Tinnitus can interfere with every part of your life. Nearly 750 million adults around the world experience tinnitus in one form or another. Tinnitus is the perception of sound in the absence of an actual sound. It can be in one ear, both ears or alternate between both. Though tinnitus is often thought of as a ringing in the ear, it has also been described as many other sounds, such as: scratching, pulsating, a heartbeat, chimes, crickets, clicking, static, humming or whooshing.
Numerous people have reported issues of hearing loss after having been infected with the Covid-19 virus, tinnitus being one of the conditions. There is not enough research to suggest a direct link between the coronavirus and tinnitus, but there is some research that suggests Covid-19 can make an already existing condition of tinnitus worse. No matter the cause of your tinnitus, there is treatment available to you and your ear specialists of Omaha can help.
What causes tinnitus? Is it a sign of hearing loss?
Several things can cause tinnitus, such as an ear injury, age, problems with the circulatory system or stress. Chemical stresses such as caffeine, nicotine, alcohol and some OTC pain medications can also contribute to tinnitus. Loud concerts and noisy work environments cause acoustic stress, which also plays a role in tinnitus.
Pathological stresses like ear infections, physical stresses such as an intense workout and emotional stresses from anxiety or depression also relate to tinnitus. Tinnitus is a symptom of hearing loss, not a disease. If you’re currently experiencing tinnitus, it’s important to know that it can be a precursor to hearing loss, and you should seek professional assistance right away.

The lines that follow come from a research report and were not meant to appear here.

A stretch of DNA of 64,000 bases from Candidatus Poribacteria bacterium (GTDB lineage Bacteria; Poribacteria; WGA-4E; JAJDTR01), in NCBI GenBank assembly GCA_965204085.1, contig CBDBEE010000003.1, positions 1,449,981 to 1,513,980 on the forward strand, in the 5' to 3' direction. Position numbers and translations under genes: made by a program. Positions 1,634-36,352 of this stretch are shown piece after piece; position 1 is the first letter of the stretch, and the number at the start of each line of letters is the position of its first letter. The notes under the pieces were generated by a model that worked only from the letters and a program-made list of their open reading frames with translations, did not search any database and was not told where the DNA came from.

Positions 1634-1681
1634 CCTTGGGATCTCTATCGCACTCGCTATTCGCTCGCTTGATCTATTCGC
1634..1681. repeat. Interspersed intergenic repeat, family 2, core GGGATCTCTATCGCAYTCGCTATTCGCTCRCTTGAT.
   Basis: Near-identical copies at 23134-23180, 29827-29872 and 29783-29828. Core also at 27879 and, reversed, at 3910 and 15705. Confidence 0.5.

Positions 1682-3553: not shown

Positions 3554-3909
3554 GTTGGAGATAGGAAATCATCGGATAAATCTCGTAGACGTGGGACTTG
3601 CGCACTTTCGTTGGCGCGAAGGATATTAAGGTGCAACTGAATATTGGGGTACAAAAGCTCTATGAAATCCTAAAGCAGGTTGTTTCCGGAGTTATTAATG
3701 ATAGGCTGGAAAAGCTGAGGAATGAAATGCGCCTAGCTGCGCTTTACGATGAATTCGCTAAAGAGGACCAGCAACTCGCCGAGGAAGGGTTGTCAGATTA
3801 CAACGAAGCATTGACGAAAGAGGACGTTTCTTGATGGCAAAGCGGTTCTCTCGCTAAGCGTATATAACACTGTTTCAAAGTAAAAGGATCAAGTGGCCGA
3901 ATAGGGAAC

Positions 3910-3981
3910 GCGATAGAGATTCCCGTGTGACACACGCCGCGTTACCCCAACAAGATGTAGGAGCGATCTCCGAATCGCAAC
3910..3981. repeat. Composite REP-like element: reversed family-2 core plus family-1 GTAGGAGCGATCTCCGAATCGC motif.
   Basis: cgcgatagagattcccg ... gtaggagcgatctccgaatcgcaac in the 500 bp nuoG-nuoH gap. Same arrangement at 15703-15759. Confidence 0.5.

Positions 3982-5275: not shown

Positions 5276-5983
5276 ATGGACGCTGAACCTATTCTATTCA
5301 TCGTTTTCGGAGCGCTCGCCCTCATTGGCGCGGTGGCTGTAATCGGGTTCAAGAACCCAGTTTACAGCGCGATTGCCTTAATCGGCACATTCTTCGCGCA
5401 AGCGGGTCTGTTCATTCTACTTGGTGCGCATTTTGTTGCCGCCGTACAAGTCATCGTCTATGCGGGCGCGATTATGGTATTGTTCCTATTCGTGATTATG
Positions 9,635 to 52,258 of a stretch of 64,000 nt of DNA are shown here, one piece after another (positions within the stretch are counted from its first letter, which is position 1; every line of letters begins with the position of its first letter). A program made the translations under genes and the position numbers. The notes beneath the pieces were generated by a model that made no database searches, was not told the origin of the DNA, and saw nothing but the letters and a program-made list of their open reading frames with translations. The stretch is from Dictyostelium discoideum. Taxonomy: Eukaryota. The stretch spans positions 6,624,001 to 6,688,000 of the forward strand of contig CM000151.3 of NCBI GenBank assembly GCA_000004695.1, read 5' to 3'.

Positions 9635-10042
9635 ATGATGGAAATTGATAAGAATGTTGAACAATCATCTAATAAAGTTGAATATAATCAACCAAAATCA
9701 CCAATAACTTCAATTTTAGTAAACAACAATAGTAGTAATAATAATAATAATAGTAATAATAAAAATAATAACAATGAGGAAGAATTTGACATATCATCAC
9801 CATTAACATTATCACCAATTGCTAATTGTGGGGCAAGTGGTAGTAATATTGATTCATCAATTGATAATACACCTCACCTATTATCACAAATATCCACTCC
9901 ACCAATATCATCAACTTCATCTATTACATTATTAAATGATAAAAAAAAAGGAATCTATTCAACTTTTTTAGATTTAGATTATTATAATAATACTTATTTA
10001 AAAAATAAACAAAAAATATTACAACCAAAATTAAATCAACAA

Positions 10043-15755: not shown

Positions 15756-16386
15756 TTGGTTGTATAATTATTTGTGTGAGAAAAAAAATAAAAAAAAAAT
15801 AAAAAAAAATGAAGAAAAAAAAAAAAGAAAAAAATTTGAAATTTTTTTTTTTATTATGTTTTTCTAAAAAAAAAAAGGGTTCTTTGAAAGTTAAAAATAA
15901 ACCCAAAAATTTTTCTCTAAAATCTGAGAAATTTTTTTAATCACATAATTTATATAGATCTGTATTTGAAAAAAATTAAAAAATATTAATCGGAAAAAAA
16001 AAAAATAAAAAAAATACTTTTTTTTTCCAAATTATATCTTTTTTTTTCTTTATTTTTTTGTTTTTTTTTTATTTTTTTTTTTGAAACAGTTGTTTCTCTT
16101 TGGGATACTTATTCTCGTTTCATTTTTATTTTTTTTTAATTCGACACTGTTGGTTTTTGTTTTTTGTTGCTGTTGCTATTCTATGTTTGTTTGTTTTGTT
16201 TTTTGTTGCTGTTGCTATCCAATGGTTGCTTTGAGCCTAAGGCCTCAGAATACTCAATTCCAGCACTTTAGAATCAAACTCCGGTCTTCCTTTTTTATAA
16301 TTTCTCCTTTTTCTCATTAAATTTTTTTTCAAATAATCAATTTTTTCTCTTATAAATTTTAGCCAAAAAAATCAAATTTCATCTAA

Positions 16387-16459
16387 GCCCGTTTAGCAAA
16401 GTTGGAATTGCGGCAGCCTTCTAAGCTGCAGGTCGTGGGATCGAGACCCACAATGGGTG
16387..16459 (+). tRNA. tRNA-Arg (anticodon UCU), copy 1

Can Covid-19 be linked to tinnitus?
After recovering from the coronavirus infection, many people report changes in their sense of smell, taste, balance and hearing. It is hard to pinpoint a direct link between Covid-19 and tinnitus because tinnitus is so common. It’s also difficult to determine if studies show an actual change in hearing, a new symptom of hearing loss developing or if there is more awareness of an already existing problem.
Already existing conditions of tinnitus
A study published in the International Journal of Audiology estimated that 14.8% of people infected with Covid-19 suffered from tinnitus. Therapeutic treatments for Covid-19 can have ototoxic effects, and these damaging effects can relate to tinnitus and hearing loss. After having Covid-19, one with tinnitus may notice the ringing in their ears gets worse, it’s just difficult to provide the direct link as to if it’s Covid-19, the treatment for Covid-19, or another underlying cause.
Developing tinnitus after the Covid-19 infection
We know that stress can cause tinnitus, so the increased stress of the pandemic could be a contributing factor as well. Just over five percent of those who were infected with Covid-19 reported developing tinnitus post infection. There is currently no research that suggests the Covid-19 vaccines worsen otologic conditions. Since Covid-19 affects many of the senses, it is no surprise that hearing is affected; It’s just hard to say with certainty that Covid-19 can directly cause tinnitus, although we do see a relationship.
Stop in and see your ear specialists of Omaha
Tinnitus is very common, but the good news is that it can be treated. If your tinnitus is affecting your hearing, concentration and sleep, there are ways to manage it. Things you can try include turning on a fan, opening a window, turning the TV on low and using a sound machine. Hearing aids, tinnitus retraining therapy and cognitive behavioral therapy may also help.
Whether you have an already existing condition of tinnitus, or if you’re experiencing symptoms of hearing loss after having Covid-19, your ear specialists of Omaha want to help. Contact us today to schedule a hearing consultation.